Conferences and clocks

Those who are getting on a bit (like me) may recall John Cleese’s character in the 1986 movie Clockwise, who was obsessed with punctuality. I am less neurotic, but what does distress me is when conference organizers let their schedule slip due to speaker overruns. I speak regulalrly at conferences, and this is a recurring problem. At a conference in Madrid a few weeks ago they managed to be well over an hour behind schedule by the time they resumed the afternoon session, while the otherwise very useful ETRE conferences are famed for their “flexible” schedule. At a large conference this is beyond just irritating, as you scramble to find speaker tracks in different rooms, all of which may be running to varying degrees behind schedule and starting to overlap.

This poor timekeeping is depressingly normal at conferences, which makes it all the nicer when you see how it should be done. I spoke yesterday at the IDC Business Performance Conference in London, which had an ambitious looking 14 speakers and two panels squeezed into a single day. If this was ETRE they would have barely been halfway through by dinner time, yet the IDC line-up ran almost precisely to time throughout the day. It was achieved by the simple device of having a clock in front of speaker podium ticking away a countdown, so making it speakers very visibly aware of the time they had left. I recall a similar device when I spoke at a Citigroup conference in New York a couple of years ago, which also ran like clockwork.

The conference was a case study in competent organization, with good pre-event arrangements, an audio run-through for each speaker on site, and speaker evaluation forms (some conferences don’t even bother with this). The attendees actually bore a distinct resemblance to those promised, both in quality and number; recently some conference organizers seem have had all the integrity of estate agents when quoting expected numbers. The day itself featured some interesting case studies (Glaxo, Royal Bank of Scotland, Royal Sun Alliance, Comet) and a line-up of other speakers who mostly managed to avoid shamelessly plugging their own products and services (mostly). Even the lunch time buffet was edible.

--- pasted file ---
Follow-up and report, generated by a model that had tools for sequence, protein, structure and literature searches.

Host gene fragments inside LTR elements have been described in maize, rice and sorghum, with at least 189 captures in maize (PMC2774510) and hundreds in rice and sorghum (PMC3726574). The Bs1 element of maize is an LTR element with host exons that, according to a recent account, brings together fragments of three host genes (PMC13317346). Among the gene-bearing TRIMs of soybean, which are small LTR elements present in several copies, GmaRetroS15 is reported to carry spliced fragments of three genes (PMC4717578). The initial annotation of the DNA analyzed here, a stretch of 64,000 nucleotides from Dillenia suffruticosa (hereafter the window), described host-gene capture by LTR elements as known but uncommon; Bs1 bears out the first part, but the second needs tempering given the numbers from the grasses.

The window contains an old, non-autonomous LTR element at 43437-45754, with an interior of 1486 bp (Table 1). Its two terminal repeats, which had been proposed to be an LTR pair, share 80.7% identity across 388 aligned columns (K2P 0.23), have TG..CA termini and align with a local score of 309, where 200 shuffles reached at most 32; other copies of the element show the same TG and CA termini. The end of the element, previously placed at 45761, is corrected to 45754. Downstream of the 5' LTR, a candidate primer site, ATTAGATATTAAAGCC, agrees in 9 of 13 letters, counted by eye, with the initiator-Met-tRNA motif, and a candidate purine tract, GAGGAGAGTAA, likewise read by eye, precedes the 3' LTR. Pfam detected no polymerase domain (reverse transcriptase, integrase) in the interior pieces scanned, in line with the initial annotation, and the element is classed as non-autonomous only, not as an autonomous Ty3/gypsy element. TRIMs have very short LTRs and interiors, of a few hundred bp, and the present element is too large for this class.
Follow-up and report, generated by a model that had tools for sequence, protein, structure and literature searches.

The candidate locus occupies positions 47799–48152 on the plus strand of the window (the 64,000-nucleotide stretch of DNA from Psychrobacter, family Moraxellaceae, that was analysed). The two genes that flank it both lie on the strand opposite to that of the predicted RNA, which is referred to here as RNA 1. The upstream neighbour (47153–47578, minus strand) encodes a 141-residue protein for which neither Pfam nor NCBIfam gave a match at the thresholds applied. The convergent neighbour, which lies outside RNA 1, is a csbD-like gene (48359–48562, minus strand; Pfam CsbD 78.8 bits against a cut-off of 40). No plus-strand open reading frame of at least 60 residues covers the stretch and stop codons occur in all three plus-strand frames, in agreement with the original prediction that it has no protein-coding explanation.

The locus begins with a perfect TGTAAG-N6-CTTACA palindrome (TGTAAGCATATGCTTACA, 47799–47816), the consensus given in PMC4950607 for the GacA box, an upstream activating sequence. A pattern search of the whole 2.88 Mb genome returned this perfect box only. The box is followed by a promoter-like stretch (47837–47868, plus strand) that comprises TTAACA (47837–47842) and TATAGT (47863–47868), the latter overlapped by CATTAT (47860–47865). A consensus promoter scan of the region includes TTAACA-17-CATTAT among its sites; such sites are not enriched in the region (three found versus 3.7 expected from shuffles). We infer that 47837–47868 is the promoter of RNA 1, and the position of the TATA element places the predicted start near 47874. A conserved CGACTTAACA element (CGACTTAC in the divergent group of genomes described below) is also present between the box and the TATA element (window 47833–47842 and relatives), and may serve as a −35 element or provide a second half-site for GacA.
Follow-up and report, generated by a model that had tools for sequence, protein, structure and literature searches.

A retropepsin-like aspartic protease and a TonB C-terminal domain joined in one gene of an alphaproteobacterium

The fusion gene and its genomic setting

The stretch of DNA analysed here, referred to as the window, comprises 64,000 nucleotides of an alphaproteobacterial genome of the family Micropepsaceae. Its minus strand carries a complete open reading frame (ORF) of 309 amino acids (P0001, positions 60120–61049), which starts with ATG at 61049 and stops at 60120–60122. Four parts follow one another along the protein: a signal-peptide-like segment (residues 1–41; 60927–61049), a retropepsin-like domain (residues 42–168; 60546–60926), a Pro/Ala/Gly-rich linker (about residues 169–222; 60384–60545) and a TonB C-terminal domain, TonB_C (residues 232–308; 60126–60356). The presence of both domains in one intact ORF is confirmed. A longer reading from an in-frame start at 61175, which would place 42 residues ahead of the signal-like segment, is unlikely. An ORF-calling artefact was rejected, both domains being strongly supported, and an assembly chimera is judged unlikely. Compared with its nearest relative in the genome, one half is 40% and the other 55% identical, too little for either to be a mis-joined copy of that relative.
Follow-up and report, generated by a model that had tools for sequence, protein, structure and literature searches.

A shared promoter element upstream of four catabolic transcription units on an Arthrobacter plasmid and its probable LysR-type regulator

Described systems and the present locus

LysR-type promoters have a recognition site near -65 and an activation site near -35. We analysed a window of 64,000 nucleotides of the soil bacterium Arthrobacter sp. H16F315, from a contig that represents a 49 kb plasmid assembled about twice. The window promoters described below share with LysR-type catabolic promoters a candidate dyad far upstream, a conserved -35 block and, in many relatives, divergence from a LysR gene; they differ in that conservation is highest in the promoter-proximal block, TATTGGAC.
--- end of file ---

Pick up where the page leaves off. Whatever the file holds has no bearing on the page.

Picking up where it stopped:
In terms of memorable points, it seems that the worlds of structured and unstructured data are as far part as ever based on the case studies, whatever vendor hype says to the contrary. Data volumes in general continue to rise, while the advent of RFID presents new opportunities and challenges for BI vendors. RFID generates an avalanche of raw data, and a presenter working with early projects in this area reckoned that vendors were completely unable to take advantage of RFID so far. Common themes of successful projects were around the need for active business sponsorship and involvement in projects, the need for data governance and stewardship and for iterative approaches giving incremental and early results. Specific technologies were mostly (refreshingly) in the background in most of the speeches, though the gentleman from Lucent seemed not to have got the memo to sponsor speakers about not delivering direct sales pitches. With Steve Gallagher from Accenture reckoning that BI skills were getting hard to find, even in Bangalore, it would suggest that performance management is moving up the business agenda.

Well done to Nick White of IDC for steering the day through so successfully. If only all conferences ran like this.

One thought on “Conferences and clocks”

  1. I still prefer the guy with the shephards crook for getting people off the stage when their time is up. It is a more enjoyable experience when all the speakers are sticking to alloted time and you get less people scurrying out before the presentation is over.

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